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The Lost Art of Letter Writing
Sometimes Snail Mail is Better
By: Jennifer Baker
Recently, I had an old high school friend put out a message on Facebook instructing anyone interested in receiving a handwritten letter to let her know. There was one condition: They had to write her back.
In this age of technology, and well, lightning-fast everything, sometimes you just long for something a little slower. Email is great and all, but it’s fun to get an actual pen and some paper—especially when it’s not simply the notebook paper and ballpoint pen you use to take notes in class—and pen a letter to someone. It makes it personal. It means more, both to you and the recipient.
Letters have become something of an anomaly but why? We get excited when we see them in the mailbox yet hardly ever take the time to write them ourselves. If receiving letters in the mail brings so much joy to someone, why don’t we send them more often? Sure, people send birthday cards, Christmas cards, get-well soon cards and the like, but it’s not the same. All too often, cards are just hastily signed to get them out the door. Maybe it’s because once you’re done with the letter you still have to find an envelope. And a stamp. And then take it to the post office. That takes too long when you can just click the send button on an email without getting up from your chair. That’s much easier. That must be it.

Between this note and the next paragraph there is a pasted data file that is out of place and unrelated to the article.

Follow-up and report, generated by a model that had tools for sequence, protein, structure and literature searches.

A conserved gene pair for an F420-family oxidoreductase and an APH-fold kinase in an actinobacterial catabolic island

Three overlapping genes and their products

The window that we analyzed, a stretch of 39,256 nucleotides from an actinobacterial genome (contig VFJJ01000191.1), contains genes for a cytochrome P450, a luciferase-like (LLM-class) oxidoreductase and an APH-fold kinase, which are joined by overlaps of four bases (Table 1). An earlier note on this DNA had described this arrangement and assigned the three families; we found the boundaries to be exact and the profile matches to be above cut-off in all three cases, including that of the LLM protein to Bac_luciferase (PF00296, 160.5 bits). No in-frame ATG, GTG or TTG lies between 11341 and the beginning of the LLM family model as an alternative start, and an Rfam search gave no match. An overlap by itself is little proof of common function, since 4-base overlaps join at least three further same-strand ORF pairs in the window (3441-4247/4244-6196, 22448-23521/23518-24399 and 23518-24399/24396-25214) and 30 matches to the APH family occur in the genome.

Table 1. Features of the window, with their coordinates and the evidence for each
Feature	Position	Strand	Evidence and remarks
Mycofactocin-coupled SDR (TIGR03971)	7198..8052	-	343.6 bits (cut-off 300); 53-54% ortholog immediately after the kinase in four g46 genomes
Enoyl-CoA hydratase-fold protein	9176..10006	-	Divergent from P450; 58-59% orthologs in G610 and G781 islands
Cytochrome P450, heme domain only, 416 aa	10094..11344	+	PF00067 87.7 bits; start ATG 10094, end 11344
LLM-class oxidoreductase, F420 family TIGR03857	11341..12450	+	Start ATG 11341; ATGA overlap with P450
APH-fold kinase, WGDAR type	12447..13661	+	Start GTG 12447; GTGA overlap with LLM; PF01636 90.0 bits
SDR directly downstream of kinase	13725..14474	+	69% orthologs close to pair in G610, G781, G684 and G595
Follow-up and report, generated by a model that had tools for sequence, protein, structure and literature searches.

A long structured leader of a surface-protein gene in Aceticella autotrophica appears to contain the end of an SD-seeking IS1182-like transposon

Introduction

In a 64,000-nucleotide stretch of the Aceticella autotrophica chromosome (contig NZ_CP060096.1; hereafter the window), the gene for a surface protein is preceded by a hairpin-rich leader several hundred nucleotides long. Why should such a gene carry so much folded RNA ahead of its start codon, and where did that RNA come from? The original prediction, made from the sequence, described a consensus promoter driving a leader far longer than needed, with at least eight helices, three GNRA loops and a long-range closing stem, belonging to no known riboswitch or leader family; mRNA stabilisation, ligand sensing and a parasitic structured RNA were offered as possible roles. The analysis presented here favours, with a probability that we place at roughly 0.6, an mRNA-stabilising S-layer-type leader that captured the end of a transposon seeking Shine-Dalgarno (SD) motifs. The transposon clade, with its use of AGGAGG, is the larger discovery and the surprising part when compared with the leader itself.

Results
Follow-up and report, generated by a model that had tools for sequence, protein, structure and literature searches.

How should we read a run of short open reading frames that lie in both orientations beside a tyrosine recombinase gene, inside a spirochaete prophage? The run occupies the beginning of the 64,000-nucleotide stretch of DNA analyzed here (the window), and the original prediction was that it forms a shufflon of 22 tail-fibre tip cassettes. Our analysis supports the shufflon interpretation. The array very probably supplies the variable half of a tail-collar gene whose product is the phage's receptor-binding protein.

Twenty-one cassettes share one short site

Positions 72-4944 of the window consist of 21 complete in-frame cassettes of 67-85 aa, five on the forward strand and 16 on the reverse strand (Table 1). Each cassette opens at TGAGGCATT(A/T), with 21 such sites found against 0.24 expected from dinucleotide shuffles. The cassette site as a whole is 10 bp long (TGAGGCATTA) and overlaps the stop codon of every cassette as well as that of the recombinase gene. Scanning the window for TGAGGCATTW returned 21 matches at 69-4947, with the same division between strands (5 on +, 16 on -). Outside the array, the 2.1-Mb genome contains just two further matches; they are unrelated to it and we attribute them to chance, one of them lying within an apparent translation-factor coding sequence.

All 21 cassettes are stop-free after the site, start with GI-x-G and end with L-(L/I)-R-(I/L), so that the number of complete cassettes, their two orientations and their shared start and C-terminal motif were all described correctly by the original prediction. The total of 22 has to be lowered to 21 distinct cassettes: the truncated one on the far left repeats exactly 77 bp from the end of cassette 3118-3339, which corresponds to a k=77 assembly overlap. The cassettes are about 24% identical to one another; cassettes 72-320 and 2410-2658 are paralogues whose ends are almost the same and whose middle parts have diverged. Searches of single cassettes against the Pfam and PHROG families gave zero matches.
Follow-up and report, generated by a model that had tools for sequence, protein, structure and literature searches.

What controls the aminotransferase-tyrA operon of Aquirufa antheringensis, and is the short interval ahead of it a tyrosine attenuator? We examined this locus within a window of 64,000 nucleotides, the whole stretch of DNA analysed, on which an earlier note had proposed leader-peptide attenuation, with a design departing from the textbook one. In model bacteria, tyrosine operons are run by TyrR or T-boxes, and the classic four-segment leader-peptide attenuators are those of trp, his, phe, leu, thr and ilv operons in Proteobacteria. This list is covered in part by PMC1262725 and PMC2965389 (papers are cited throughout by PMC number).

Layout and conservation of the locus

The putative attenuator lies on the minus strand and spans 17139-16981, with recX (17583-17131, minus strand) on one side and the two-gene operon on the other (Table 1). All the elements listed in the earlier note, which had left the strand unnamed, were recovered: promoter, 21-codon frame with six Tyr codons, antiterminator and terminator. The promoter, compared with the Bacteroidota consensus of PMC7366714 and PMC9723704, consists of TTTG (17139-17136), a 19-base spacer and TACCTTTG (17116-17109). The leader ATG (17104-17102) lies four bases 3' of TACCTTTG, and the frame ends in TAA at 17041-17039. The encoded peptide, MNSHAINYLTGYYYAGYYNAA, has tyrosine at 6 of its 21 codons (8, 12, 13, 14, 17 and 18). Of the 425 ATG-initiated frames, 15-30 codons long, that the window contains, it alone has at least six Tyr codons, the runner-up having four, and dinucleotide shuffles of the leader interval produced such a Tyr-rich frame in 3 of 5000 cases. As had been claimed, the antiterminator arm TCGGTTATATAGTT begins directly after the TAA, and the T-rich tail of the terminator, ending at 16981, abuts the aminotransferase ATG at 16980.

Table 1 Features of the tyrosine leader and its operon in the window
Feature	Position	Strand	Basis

Because letter writing takes more time, the message that the recipient receives goes far beyond just the letter and the words contained in it. It says something about the relationship. The person to whom the letter is written is clearly someone special.
Reconnecting with close friends and loved ones in this way is something that should not be allowed to slip away. It’s a dying art—an endangered species of sorts—and we should do whatever it takes not to let it become extinct.
So, go out and buy a stationery set that you just love and a pen that you’ll enjoy writing with, and get to it! Besides, who wants to be greeted by only junk mail and bills when they go to their mailbox?
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